Army Splits With West Point Grad Who Touted Communist Revolt
WATERTOWN, N.Y. (AP) — The images Spenser Rapone posted on Twitter from his West Point graduation were intentionally shocking: In one, the smirking cadet opens his dress uniform to expose a T-shirt with a blood-red image of socialist icon Che Guevara. In another, he raises his fist and flips over his cap to reveal the hand-scrawled message: "Communism will win."
Less than a year after Rapone's images drew a firestorm of vitriol and even death threats, the second lieutenant who became known as the "commie cadet" is officially out of the U.S. Army with an other-than-honorable discharge.
Top brass at Fort Drum's 10th Mountain Division accepted Rapone's resignation Monday after an earlier reprimand for "conduct unbecoming of an officer." Rapone said an investigation found he went online to advocate for a socialist revolution and disparage high-ranking officers and U.S. officials. Officially, the Army said in a statement only that it conducted a full investigation and "appropriate action was taken."
An unrepentant Rapone summed up the fallout in yet another tweet Monday that showed him extending a middle finger at a sign at the entrance to Fort Drum, accompanied by the words, "One final salute."
"I consider myself a revolutionary socialist," the 26-year-old Rapone told The Associated Press in a series of interviews. "I would encourage all soldiers who have a conscience to lay down their arms and join me and so many others who are willing to stop serving the agents of imperialism and join us in a revolutionary movement."
Rapone said his journey to communism grew out of his experiences as an Army Ranger in Afghanistan before he was accepted into the U.S. Military Academy. And those views only hardened during his studies of history as one of the academy's "Long Gray Line."
He explained that he took the offending selfies at his May 2016 West Point graduation ceremony and kept them to himself until last September, when he tweeted them in solidarity with NFL quarterback Colin Kaepernick, who was taking heat for kneeling for the national anthem to raise awareness of racism. Many other military personnel also tweeted in favor of Kaepernick, although most were supporting free speech, not communism.
West Point released a statement after Rapone posted the photos, saying his actions "in no way reflect the values of the U.S. Military Academy or the U.S. Army." And U.S. Sen. Marco Rubio, a Florida Republican, called on the secretary of the Army to remove Rapone from the officer ranks.
"While in uniform, Spenser Rapone advocated for communism and political violence, and expressed support and sympathy for enemies of the United States," Rubio said Monday, adding "I'm glad to see that they have given him an 'other-than-honorable' discharge."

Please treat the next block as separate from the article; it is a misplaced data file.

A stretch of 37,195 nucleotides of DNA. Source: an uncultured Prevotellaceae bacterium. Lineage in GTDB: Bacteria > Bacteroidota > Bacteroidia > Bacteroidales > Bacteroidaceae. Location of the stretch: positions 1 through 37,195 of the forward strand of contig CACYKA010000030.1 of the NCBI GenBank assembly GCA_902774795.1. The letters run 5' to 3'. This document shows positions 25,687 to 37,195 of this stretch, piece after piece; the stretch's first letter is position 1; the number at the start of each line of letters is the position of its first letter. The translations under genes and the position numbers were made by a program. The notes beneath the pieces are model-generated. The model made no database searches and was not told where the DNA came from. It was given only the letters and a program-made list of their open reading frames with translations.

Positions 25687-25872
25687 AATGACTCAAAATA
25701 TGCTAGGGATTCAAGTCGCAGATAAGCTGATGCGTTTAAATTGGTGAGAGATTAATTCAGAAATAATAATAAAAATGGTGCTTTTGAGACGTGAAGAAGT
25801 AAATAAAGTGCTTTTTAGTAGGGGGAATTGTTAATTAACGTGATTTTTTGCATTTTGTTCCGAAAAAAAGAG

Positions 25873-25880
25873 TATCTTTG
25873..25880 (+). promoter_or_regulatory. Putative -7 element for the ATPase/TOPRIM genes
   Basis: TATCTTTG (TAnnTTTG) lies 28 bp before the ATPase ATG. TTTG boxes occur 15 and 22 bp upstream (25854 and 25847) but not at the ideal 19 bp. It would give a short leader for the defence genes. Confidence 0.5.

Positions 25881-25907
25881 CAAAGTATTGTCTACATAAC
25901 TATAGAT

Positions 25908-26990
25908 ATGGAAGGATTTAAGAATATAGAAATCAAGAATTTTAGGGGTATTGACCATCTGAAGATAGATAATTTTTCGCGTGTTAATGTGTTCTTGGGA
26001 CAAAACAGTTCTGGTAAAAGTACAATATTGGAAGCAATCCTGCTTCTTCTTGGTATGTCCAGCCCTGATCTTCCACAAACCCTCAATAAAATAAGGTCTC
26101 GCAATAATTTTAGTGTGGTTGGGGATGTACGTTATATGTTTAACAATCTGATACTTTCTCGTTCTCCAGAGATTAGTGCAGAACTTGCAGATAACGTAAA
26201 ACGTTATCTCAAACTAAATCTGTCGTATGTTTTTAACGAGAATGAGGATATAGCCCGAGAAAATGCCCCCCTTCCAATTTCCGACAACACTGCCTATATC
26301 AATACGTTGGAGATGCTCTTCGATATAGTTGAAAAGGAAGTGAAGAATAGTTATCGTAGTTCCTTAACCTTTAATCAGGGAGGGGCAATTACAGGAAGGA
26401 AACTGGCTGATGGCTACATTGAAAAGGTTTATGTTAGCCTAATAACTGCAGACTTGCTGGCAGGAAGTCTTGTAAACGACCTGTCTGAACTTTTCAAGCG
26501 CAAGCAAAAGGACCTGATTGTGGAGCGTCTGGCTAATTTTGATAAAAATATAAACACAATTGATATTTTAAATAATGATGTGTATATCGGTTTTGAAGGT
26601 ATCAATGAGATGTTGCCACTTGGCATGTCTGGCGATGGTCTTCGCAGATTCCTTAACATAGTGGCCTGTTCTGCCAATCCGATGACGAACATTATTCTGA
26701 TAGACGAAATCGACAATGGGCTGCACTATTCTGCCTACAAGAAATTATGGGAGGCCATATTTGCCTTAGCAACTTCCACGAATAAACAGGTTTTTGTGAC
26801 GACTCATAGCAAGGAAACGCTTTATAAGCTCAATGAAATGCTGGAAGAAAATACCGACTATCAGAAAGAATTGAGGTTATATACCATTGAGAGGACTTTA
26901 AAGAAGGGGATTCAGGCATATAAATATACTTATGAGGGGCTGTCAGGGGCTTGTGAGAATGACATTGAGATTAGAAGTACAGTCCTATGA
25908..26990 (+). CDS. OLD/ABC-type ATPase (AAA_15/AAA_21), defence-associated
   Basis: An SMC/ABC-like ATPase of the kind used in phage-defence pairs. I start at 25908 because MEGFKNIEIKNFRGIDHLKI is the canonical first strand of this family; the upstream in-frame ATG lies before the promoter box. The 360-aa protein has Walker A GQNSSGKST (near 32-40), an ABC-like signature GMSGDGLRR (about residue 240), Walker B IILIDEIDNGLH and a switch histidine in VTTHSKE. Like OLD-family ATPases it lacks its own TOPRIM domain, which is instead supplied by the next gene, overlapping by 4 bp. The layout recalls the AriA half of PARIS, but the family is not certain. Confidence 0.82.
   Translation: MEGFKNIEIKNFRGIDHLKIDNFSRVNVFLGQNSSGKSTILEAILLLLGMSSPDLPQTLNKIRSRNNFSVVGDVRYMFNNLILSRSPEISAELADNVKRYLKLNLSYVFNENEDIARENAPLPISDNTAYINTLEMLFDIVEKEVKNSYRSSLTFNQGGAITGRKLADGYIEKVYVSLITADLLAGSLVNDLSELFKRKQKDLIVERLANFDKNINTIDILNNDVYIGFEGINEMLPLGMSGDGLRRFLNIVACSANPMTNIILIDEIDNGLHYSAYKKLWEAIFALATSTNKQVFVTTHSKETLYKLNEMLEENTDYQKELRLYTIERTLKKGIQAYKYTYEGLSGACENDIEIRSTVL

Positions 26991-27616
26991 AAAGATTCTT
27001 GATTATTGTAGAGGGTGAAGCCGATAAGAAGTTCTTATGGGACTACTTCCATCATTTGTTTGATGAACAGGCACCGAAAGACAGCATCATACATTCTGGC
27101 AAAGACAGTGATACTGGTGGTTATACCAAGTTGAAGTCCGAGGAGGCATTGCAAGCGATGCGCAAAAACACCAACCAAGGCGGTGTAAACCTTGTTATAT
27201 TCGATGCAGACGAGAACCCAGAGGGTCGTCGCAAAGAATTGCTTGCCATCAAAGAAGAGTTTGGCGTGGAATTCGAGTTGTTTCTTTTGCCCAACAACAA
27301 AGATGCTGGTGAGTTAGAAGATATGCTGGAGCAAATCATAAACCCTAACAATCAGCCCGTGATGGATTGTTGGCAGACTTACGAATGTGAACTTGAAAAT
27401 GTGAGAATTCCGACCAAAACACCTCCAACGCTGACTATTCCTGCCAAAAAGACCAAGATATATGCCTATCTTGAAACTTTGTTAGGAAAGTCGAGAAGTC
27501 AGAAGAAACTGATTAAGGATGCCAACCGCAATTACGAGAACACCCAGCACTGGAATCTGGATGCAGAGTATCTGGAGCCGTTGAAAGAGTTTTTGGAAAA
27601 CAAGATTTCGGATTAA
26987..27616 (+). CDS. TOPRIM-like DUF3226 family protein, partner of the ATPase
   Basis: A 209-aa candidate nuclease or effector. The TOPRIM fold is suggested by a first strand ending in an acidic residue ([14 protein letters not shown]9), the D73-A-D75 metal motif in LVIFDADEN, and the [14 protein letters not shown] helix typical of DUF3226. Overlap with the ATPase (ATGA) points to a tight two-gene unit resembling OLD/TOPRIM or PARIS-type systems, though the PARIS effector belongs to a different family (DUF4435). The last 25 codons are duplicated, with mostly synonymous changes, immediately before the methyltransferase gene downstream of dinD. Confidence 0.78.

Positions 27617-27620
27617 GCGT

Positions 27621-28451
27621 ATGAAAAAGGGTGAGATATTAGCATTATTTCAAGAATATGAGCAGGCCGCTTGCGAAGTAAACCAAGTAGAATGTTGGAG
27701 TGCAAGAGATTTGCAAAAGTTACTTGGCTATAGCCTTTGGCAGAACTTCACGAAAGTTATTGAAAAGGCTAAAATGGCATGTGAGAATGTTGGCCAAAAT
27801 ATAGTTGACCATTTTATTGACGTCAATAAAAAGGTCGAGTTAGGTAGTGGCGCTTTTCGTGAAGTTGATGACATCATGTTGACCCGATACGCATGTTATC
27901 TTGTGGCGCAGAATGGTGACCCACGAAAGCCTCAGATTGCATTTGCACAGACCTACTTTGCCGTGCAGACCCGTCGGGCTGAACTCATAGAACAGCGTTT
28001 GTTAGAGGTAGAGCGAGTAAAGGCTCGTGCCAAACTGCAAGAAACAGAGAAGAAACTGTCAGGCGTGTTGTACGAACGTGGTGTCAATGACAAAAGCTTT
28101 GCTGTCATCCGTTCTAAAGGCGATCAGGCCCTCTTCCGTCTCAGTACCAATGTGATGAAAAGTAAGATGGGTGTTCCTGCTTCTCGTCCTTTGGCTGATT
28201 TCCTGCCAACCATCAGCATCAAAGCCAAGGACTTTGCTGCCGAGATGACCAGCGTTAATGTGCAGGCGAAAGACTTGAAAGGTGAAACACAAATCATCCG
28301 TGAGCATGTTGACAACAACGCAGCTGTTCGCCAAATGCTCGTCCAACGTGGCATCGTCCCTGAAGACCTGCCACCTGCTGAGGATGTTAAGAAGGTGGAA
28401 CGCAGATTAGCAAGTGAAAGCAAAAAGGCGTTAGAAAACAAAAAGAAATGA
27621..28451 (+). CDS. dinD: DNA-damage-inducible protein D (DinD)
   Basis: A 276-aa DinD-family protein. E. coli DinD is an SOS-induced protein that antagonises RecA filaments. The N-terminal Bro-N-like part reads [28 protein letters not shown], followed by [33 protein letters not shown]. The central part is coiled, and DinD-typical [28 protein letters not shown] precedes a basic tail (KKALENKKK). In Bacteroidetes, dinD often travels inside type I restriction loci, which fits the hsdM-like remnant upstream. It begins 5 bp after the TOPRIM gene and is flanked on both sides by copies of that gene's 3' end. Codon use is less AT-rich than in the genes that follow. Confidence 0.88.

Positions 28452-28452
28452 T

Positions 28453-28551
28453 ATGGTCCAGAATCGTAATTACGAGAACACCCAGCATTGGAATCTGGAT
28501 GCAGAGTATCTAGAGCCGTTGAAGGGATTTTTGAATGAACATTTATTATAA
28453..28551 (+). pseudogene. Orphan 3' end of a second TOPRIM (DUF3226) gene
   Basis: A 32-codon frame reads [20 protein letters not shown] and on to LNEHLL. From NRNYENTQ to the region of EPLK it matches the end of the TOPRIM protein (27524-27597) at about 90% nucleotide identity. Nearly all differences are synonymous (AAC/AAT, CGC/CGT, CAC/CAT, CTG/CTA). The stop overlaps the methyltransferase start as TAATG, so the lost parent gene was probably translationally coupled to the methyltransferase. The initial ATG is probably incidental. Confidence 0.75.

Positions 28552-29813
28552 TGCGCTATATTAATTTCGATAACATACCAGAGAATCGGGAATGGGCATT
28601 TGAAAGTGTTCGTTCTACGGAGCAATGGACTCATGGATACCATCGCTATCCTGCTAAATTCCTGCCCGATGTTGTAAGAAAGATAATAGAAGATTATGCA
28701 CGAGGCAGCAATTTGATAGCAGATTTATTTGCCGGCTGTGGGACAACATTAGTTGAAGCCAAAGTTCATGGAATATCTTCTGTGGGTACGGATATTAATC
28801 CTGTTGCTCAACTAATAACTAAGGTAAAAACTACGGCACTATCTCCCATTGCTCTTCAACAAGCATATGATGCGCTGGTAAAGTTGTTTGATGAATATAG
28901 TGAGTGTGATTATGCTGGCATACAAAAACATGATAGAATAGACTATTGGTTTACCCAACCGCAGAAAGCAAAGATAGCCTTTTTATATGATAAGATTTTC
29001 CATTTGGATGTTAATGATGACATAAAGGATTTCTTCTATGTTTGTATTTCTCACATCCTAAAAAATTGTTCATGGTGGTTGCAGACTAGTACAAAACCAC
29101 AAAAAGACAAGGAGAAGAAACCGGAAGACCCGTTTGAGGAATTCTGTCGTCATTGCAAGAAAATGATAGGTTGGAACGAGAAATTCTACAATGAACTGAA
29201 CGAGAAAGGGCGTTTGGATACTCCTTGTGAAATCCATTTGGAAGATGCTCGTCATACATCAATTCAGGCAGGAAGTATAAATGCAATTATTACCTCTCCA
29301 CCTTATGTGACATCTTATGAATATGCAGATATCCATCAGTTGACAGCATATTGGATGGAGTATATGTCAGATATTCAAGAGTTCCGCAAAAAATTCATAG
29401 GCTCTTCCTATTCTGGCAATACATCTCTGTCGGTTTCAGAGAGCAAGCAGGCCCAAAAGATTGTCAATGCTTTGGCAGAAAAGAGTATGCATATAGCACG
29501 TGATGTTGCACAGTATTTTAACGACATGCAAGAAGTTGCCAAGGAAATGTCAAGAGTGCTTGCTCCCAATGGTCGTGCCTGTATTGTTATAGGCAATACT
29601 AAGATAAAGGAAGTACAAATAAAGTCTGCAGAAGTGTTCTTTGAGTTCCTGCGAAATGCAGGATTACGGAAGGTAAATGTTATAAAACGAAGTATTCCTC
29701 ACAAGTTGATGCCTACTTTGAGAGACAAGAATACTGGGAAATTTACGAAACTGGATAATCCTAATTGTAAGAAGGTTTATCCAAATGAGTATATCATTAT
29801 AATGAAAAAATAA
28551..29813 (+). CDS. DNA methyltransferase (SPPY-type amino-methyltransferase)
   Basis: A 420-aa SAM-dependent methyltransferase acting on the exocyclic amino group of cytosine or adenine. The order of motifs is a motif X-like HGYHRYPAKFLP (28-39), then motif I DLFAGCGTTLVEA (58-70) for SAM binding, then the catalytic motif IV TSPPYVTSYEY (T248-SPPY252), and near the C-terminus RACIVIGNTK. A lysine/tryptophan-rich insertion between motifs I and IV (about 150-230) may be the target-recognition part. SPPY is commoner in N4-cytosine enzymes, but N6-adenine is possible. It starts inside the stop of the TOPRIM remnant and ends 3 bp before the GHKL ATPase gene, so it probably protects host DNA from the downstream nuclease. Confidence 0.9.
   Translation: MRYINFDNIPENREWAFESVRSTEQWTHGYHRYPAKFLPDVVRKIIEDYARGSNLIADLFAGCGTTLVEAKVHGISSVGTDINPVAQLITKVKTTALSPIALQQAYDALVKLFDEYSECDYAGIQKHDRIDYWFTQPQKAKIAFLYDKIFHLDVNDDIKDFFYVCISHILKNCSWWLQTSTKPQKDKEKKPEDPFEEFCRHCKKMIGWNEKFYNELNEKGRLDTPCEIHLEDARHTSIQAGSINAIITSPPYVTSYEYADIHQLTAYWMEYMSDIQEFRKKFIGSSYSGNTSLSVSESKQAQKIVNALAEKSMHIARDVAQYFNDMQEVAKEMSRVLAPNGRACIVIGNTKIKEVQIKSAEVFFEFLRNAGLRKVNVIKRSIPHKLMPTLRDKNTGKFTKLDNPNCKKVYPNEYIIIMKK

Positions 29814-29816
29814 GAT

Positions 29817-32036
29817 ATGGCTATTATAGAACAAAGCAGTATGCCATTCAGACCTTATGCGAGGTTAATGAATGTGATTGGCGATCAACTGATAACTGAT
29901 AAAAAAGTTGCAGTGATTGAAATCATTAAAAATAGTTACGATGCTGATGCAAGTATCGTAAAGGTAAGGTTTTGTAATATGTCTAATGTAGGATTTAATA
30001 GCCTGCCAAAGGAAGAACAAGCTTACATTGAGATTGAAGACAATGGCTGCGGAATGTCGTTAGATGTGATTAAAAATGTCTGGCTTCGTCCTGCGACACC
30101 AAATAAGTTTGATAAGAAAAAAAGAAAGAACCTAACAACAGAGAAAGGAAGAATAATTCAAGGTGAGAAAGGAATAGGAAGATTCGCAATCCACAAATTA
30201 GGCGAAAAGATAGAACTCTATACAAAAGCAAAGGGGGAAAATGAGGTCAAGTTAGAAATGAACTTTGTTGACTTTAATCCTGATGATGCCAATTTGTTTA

One of six children growing up in New Castle, Pennsylvania, Rapone said he applied to West Point, which is tuition-free, because he couldn't afford college. He was nominated out of high school by then-U.S. Rep. Jason Altmire in 2010.
"He was an honors student, an athlete, a model citizen who volunteered in the community," recalled Altmire, a Democrat. "During the interview, he expressed patriotism and looked just like a top-notch candidate. There were no red flags of any kind."
But he wasn't accepted to West Point, so Rapone enlisted in the Army. He was deployed to Afghanistan in 2011 and was assigned as an assistant machine gunner in Khost Province.
"We were bullies in one of the poorest countries on Earth," Rapone said. "We have one of the most technologically advanced militaries of all time and all we were doing is brutalizing and invading and terrorizing a population that had nothing to do with what the United States claimed was a threat."
Toward the end of his deployment, he learned West Point fulfills a certain quota of enlisted soldiers every year. Despite his growing disillusionment about the military, he applied and got in.
"I was still idealistic," he said." I figured maybe I could change things from inside."
In addition to classic socialist theorists such as Karl Marx, Rapone says he found inspiration in the writings of Stan Goff, a retired Special Forces master sergeant who became a socialist anti-war activist.
Even while still a cadet, Rapone's online postings alarmed a West Point history professor, who wrote Rapone up, saying his online postings were "red flags that cannot be ignored." Rapone was disciplined but still allowed to graduate.
Greg Rinckey, an attorney specializing in military law, said it's rare for an officer out of West Point to receive an other-than-honorable discharge. He added that it's also possible the military academy could seek repayment of the cost of Rapone's education because he didn't serve the full five-year service obligation required upon graduation.
"I knew there could be repercussions," said Rapone, who is scheduled to speak at a socialism conference in Chicago next month. "Of course my military career is dead in the water. On the other hand, many people reached out and showed me support. There are a lot of veterans both active duty and not that feel like I do."